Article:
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SALT LAKE CITY -- Until a Chevron oil pipeline in Red Butte Canyon broke last weekend, most Salt Lake residents didn't know it was there. But it's been there for a half-century while the city was growing around it.
How worried should we be? And what if that pipeline break had taken place above our drinking water supply?
Maybe you've seen the pipeline signs without thinking much about what's underground. But the same pipeline carries crude oil right through the watershed that supplies a million people with drinking water.
Are we ready for the next pipeline break?
If crude oil gets into our water supply, the first to know might be wildlife in the water, such as goldfish or water fleas.
According to Daryl Devey with the Central Utah Water Conservancy District, a computer system "actually tracks the movements of these little bugs."
It sounds an alarm at the water treatment plant if the fleas or the fish misbehave, or if other electronic sensors detect a problem.
"[It] allows them to have an early warning system that there's some type of contaminant in the river," Devey said.
Much of our drinking water comes down the Provo River from Deer Creek and Jordanelle reservoirs. Chevron's crude oil pipeline crosses just above Jordanelle. Water managers believe even a big spill would be safely contained at the banks of the reservoir.
"The drinking water would be safe out of Jordanelle," Devey said.
Noel de Nevers of the University of Utah Department of Chemical Engineering said pipeline monitoring systems are generally effective; leaks and accidents are quite rare.
The Central Utah Water Conservancy District says in a major spill, alternate water sources can be brought into play. The District can't imagine a spill big enough to shut down our drinking water.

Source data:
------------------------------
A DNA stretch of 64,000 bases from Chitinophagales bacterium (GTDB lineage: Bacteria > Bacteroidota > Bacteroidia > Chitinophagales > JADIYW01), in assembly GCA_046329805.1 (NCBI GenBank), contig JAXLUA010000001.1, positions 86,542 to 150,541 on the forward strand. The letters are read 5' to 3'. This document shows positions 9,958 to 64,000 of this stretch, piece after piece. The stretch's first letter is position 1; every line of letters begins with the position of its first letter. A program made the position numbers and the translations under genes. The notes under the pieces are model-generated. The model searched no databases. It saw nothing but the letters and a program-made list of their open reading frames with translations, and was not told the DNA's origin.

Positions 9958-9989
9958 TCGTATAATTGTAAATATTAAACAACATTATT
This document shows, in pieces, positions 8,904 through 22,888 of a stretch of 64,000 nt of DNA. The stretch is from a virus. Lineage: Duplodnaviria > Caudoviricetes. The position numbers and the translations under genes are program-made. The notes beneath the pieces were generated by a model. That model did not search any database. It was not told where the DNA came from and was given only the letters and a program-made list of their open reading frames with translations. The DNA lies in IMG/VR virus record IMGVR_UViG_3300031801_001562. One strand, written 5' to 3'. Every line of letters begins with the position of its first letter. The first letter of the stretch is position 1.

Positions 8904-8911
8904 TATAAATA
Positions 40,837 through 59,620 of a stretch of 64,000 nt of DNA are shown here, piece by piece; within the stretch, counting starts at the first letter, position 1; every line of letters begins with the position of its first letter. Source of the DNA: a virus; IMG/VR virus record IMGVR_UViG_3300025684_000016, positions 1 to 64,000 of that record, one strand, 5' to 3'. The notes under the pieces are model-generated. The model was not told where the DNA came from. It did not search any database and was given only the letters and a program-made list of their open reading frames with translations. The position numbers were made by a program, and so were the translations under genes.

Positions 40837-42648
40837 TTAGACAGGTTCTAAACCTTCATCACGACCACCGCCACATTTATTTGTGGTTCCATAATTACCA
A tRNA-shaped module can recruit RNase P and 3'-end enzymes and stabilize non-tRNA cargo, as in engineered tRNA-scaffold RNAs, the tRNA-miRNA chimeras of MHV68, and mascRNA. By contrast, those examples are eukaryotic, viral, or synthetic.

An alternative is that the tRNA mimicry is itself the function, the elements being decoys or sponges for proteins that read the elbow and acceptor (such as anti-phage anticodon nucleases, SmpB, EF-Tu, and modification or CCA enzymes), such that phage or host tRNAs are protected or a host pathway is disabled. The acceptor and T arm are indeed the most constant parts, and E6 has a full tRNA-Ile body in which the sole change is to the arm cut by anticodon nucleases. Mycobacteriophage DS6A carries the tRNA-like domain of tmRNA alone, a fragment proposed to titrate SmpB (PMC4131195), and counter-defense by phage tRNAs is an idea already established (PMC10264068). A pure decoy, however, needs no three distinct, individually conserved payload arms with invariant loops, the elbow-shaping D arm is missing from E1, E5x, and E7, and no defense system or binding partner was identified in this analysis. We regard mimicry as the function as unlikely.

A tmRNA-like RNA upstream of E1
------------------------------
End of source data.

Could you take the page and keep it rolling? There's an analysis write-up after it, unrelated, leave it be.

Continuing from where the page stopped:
The pipeline enters the Salt Lake Valley near Hogle Zoo, cuts across the University of Utah campus and through the higher Avenues.
In the 1990s Sue Jensen-Weeks tried to stop a residential development here.
"The pipeline runs very shallow in many sections of this development and park," she said. "Crude oil is definitely not a safe product to have in urban areas."
Noel de Nevers, professor emeritus of the University of Utah Department of Chemical Engineering said, "A hole the size of a quarter can easily put out 50 gallons a minute."
de Nevers did calculations on the Chevron leak and says the blow-out pressure was not excessive.
"It would be like putting your hand in front of a garden hose," he said. "It wouldn't have blown your hand off."
He says pipeline monitoring systems are not perfect but are generally effective; leaks and accidents are quite rare.
"I live comfortably with the fact the pipeline's a couple of miles from my house. Among the things I worry about that's not very high on my list," de Nevers said.
Chevron told us Tuesday if Salt Lake refineries got all of their crude oil by truck, it would take 750 tanker trucks a day. The risks of that, they argue, would be far higher -- and more costly to consumers -- than a pipeline.